Remove Any Slack

Each string will need to be placed in its correct slot in the nut and bridge of the violin. The string should run directly from the nut and peg to the bridge and then on to the tailpiece. It shouldn’t be twisted with another string or wrapped around anything on its journey. You can wind the peg to increase the tension of the violin string and this will also remove any slack. If you have a violin protector then you can slide this into place as well. A lot of violins will have a protector on the E string and if you forget to replace it the string will begin to buzz when it is played.

Check the Bridge

The bridge of your violin should be straight. The back of the bridge which is the part that faces the tailpiece should be completely perpendicular to the wooden surface of the instrument. The feet of the bridge should also be flush against the violin too. If you notice that the feet of the bridge lie flat but the bridge appears to be warped, you will need this changed by a professional.

Setting the Pitch

Loosen all of the fine tuners which you will find in the tailpiece and keep going until they are really loose but not detached entirely. Take your tuner and check the pitch of each of the violin strings. If it doesn’t sound right then tighten the string up with the tuning peg slowly until you get the right pitch. This will also be the perfect time to loosen your fine tuners so that when the strings stretch there is still enough room for any tightening needed.

Adjust the Peg Angles

You should be able to slip your fingers easily between the pegs so you can grip them. If you can’t do this then you may need to adjust the angle of the peg head. You can do this by unwinding and loosening the peg, adjust it and then wind it back up. Remember to let that little bit of string protude through the peg hole before you wind it back up.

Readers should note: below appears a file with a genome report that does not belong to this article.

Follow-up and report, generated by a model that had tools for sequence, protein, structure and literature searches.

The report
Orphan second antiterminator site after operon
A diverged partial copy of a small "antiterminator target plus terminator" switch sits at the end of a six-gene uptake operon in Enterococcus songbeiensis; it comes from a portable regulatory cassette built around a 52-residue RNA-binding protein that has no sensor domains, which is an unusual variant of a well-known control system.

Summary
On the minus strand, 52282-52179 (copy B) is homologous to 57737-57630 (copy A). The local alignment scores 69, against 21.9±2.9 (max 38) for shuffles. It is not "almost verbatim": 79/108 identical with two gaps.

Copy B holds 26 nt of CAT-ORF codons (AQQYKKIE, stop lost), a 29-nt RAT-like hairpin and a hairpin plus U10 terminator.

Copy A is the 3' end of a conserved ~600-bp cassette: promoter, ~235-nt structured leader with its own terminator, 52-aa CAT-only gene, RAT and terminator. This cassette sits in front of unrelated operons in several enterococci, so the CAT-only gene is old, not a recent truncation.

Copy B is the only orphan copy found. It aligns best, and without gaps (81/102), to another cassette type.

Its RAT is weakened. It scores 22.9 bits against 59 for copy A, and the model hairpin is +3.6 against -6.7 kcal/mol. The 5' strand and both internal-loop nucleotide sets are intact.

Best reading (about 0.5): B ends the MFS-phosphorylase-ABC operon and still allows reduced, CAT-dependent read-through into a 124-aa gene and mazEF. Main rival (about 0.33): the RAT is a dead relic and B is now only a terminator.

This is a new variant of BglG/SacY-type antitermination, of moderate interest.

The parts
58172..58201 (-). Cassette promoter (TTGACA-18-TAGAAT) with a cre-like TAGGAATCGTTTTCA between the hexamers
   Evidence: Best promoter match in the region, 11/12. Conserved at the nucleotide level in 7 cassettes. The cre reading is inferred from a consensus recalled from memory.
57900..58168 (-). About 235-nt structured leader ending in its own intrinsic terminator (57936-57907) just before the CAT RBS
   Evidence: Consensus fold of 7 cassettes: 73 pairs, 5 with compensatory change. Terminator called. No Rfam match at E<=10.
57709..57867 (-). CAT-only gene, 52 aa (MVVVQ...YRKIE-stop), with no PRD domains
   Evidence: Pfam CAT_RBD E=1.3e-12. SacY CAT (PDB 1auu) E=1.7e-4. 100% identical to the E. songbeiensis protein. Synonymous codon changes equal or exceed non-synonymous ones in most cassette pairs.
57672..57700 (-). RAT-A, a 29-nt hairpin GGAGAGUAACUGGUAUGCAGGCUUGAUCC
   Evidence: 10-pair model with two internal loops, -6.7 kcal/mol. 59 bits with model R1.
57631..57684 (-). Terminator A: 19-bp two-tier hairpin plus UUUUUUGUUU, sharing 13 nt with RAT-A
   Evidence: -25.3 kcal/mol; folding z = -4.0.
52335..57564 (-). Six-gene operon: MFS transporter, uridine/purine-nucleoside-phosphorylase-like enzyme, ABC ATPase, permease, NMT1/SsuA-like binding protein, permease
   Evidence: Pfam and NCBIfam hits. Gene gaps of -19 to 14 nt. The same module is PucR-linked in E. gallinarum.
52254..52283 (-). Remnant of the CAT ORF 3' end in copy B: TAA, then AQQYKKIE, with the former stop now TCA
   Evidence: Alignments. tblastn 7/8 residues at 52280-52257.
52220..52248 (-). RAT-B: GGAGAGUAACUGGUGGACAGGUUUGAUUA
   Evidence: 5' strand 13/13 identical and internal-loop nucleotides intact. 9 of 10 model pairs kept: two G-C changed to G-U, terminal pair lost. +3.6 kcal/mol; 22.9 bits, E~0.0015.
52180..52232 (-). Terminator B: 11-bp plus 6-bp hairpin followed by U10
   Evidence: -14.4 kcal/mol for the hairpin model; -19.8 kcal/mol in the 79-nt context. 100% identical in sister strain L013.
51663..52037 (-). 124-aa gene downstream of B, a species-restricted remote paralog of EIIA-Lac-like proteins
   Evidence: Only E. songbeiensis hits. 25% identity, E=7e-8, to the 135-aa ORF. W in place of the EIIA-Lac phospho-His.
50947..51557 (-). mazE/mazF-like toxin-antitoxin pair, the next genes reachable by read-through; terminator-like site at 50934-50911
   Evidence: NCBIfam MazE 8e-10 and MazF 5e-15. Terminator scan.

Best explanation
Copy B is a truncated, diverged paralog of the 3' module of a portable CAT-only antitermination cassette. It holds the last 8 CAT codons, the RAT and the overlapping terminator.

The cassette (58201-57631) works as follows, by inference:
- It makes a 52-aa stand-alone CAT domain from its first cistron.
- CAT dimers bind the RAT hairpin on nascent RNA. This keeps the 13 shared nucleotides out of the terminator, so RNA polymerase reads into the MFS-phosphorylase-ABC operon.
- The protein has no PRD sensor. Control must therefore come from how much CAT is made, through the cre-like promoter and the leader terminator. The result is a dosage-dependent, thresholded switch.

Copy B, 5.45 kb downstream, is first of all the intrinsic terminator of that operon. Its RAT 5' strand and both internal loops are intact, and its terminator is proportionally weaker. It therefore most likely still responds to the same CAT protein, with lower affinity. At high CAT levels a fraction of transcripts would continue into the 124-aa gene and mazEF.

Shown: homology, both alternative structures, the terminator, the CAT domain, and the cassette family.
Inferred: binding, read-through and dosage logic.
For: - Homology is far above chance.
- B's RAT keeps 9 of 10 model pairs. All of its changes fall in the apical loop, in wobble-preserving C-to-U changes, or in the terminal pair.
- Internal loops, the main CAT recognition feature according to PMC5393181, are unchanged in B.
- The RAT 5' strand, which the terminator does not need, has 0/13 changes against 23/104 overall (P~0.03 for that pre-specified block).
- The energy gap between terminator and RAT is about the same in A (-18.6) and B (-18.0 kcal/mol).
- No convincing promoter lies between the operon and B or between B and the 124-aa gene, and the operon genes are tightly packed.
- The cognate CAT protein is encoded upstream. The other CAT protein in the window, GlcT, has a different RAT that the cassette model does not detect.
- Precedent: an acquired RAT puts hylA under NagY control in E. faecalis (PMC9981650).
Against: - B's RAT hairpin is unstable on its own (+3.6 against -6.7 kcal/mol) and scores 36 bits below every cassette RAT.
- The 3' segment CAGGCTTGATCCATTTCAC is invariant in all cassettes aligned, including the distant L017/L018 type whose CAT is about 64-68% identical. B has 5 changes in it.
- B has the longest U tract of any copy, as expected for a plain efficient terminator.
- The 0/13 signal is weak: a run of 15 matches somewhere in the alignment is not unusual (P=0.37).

Common Problems

Changing your strings can be difficult and you may come across a few problems if this is your first time changing the violin strings. Below are some troubleshooting tips you can use if you experience any problems.
  • The string keeps popping out of the peg hole when I wind it up – In this case your peg hole could be too big and you will need to take it to a professional to have a smaller one drilled in. Another cause of this is that the string may not be crossing over itself before you start winging it up. You also may not be pushing the string properly all the way through the hole.
  • The string doesn’t stay in the tailpiece when the peg is tightened – The ball end of the violin string has to go through the round hole located in the tailpiece. You will then need to wedge it into the small slot that sits above the hole. If that string isn’t in that slot then it won’t stay in the tailpiece. If the string won’t go into this slot, for example if you’ve changed strins, then you must either have the hole widened or get a brand new tailpiece.
  • The pegs don’t stay tight and keep slipping – You need to make sure the pegs are properly lubricated before you begin changing the violin string. The peg should be properly pushed into the correct hole as you begin turning it. If you have an older instrument then the pegs can become smooth with use. If the lubricant hasn’t worked then you need to make the surface rough again using a piece of sandpaper. You only need one or two turns of the paper so be careful not to oversand. If you’ve tried all of the steps above then your instrument will need to be looked at by a professional violin repairer.
  • When I tightened the string it broke – A new string should never break unless there’s a great reason for it. The most common reason that a new string would break is that you’ve put too much tension on it and have over-tightened the string. As you start to tighten them up you should also pluck them and then stop when you hit the right pitch. Another reason your string could have broken is that the nut grooves are too deep, too narrow or have sharp edge. If the problem persists get your instrument checked by a pro.

Conclusion

There we have it, a quick guide on changing your strings. We would only recommend you try to change your own strings if you have watched a professional do it or have consulted someone with knowledge on the subject. Happy plucking!